The allegation that the Central Intelligence Agency was asked to spy on a University of Michigan professor, who ran a blog critical of the Bush administration's handling of the war in Iraq, raises a number of questions.
As chairman of the House Permanent Select Committee on Intelligence, which oversees the nation's intelligence-gathering agencies, U.S. Rep. Mike Rogers, R-Brighton, is in a unique position to get answers.
Rogers should make this issue a priority.
After the Sept. 11, 2001, terrorist attacks, America ramped up its intelligence-gathering capacity to an astonishing degree. Our security departments deserve great credit for keeping any further significant attacks from occurring on U.S. soil.
But when the war on terror winds
down — and it must eventually, whether the time is now or not — it is important that the country's enormous intelligence-gathering capacity does not become misdirected against American citizens.
Alleged spying on professor Juan Cole came to light in June, when the New York Times published an interview with former CIA officer Glenn L. Carle. He told the Times his boss at the National Intelligence Council said in 2005 that White House officials wanted "to get" Cole because he was a frequent war critic. Carle said he was expected to collect information about the professor. Carle refused and took the matter to the acting director of the council, who assured him the CIA would "never, never be involved in anything like that."
But later, Carle said, as quoted by the Times, he came across a memo written by his supervisor about Cole that included a paragraph with "inappropriate, derogatory remarks" about Cole's lifestyle. Again, he took the matter to the acting director. Months later, Carle said he came across another CIA analyst who had been directed to gather information about Cole. According to the Times, it's unclear if any information was ever actually relayed to the White House about the professor.
The idea of America's spy service gathering information on an American citizen is disturbing. As Rogers said, "This is a very serious allegation, and they are not permitted to do it, and it is a criminal act if they do it."
Rogers initially said he would ask the Department of Justice to look at it, although later his office indicated it expected Cole to take the matter to that department himself. Cole was critical of Rogers for that. He said: "If the CIA was asked to violate its charter by the White House by spying on a U.S. citizen, that is not merely an ordinary criminal matter, and Representative Rogers' indifference to it raises questions about whether he really is interested in protecting Michiganders from abuse at the hands of the federal government."
U.S. Rep. John Dingell, D-Dearborn, has been even less responsive. Dingell is Cole's congressman and has ignored the issue despite coverage in multiple news outlets. His communications director said this week the congressman has taken no action on the issue because Cole has not contacted his office about it.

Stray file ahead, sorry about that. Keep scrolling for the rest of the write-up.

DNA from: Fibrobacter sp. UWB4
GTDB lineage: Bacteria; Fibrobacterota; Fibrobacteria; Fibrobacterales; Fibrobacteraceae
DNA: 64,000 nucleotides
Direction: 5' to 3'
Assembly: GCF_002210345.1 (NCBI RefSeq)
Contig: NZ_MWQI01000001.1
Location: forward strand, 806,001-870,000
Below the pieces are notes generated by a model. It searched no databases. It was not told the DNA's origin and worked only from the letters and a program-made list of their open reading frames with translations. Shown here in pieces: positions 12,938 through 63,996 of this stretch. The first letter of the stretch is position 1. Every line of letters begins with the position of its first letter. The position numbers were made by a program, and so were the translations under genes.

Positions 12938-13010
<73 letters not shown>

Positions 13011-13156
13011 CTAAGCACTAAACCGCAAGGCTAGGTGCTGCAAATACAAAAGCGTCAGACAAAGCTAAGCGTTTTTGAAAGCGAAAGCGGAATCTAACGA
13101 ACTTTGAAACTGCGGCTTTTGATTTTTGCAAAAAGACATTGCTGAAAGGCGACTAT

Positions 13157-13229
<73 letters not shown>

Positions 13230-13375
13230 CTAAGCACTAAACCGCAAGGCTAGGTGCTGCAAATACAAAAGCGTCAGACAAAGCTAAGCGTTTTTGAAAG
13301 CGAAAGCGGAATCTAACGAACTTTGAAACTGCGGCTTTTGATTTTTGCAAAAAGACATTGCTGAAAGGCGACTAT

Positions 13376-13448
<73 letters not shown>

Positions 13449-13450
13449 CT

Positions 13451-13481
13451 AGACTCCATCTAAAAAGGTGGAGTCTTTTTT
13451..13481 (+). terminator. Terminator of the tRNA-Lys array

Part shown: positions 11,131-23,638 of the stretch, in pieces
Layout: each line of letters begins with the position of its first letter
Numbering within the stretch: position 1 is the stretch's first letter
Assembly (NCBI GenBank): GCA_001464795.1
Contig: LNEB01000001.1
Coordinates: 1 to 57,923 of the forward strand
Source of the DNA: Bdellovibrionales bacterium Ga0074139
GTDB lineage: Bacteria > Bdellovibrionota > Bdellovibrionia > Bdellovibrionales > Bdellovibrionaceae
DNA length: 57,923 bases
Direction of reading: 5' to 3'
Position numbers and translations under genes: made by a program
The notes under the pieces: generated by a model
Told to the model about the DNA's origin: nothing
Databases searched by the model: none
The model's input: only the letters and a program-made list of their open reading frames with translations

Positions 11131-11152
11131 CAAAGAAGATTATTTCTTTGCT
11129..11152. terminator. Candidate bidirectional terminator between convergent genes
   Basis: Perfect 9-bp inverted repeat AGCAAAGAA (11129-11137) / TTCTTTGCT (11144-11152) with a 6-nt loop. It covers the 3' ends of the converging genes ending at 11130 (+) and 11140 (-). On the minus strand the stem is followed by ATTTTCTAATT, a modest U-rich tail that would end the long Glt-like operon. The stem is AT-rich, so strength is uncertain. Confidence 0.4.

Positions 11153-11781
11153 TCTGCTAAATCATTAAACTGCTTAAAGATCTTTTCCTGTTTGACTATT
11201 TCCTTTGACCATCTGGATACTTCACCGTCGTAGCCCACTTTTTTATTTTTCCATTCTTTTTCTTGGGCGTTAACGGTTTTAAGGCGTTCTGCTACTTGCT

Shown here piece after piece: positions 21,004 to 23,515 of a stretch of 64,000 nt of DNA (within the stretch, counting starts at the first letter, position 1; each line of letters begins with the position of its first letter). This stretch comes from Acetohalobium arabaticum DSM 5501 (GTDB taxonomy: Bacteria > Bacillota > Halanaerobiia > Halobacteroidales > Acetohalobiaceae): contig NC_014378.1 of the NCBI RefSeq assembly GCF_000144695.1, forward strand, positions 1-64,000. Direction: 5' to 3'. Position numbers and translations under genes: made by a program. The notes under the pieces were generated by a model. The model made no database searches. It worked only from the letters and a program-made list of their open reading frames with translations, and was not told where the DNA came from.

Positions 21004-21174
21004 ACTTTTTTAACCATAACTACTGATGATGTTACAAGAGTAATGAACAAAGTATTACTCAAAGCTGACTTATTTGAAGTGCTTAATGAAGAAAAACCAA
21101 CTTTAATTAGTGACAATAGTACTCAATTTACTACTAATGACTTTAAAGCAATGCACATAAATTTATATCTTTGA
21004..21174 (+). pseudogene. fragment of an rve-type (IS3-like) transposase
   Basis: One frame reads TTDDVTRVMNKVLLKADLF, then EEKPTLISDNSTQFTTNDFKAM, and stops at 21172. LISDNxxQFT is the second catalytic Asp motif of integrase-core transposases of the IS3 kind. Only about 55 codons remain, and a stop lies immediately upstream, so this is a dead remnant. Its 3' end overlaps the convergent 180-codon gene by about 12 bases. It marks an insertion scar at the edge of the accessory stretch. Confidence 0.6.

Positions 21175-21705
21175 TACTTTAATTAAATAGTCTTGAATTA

This is a matter our congressmen should be paying very close attention to. After the terrorist attacks of 2001, security and intelligence capability in this country was justifiably expanded to an extraordinary degree. But the capability in and of itself should give Americans pause. A Washington Post series titled "Top Secret America" found there are nearly 1,300 government organizations now involved in intelligence gathering, security and counterterrorism. Almost 2,000 contractors are involved. An estimated 854,000 people have security clearances, the Post reported, giving an idea of how huge the security efforts have become.
When a war is over, armies are typically sent home. Weapons are decommissioned. But when a war on terror is over, what happens to the security apparatus, all the offices, all the spies? Are they sent home, or do they act more like bureaucracies, finding other purposes to put their time and efforts to?
Remember that the Soviet Union's KGB started out as an response to external threats. But in the end, that agency became a bigger threat to Russia's own people. We should not miss that lesson from history.
Here in the United States, we've never been through a war on terror before. We've not had to defeat such an enemy and then figure out what to do with the security system we've built. The time for that may soon be approaching, as Osama bin Laden has been killed, as the threat from al-Qaida diminishes, as we pull out of Afghanistan and Iraq.
Getting it right — leaving in place enough security to protect Americans without allowing that intelligence capacity to be turned on Americans — will be tricky.
Our congressmen — Dingell and Rogers particularly, because of his role as house intelligence chair — should be paying very close attention to it.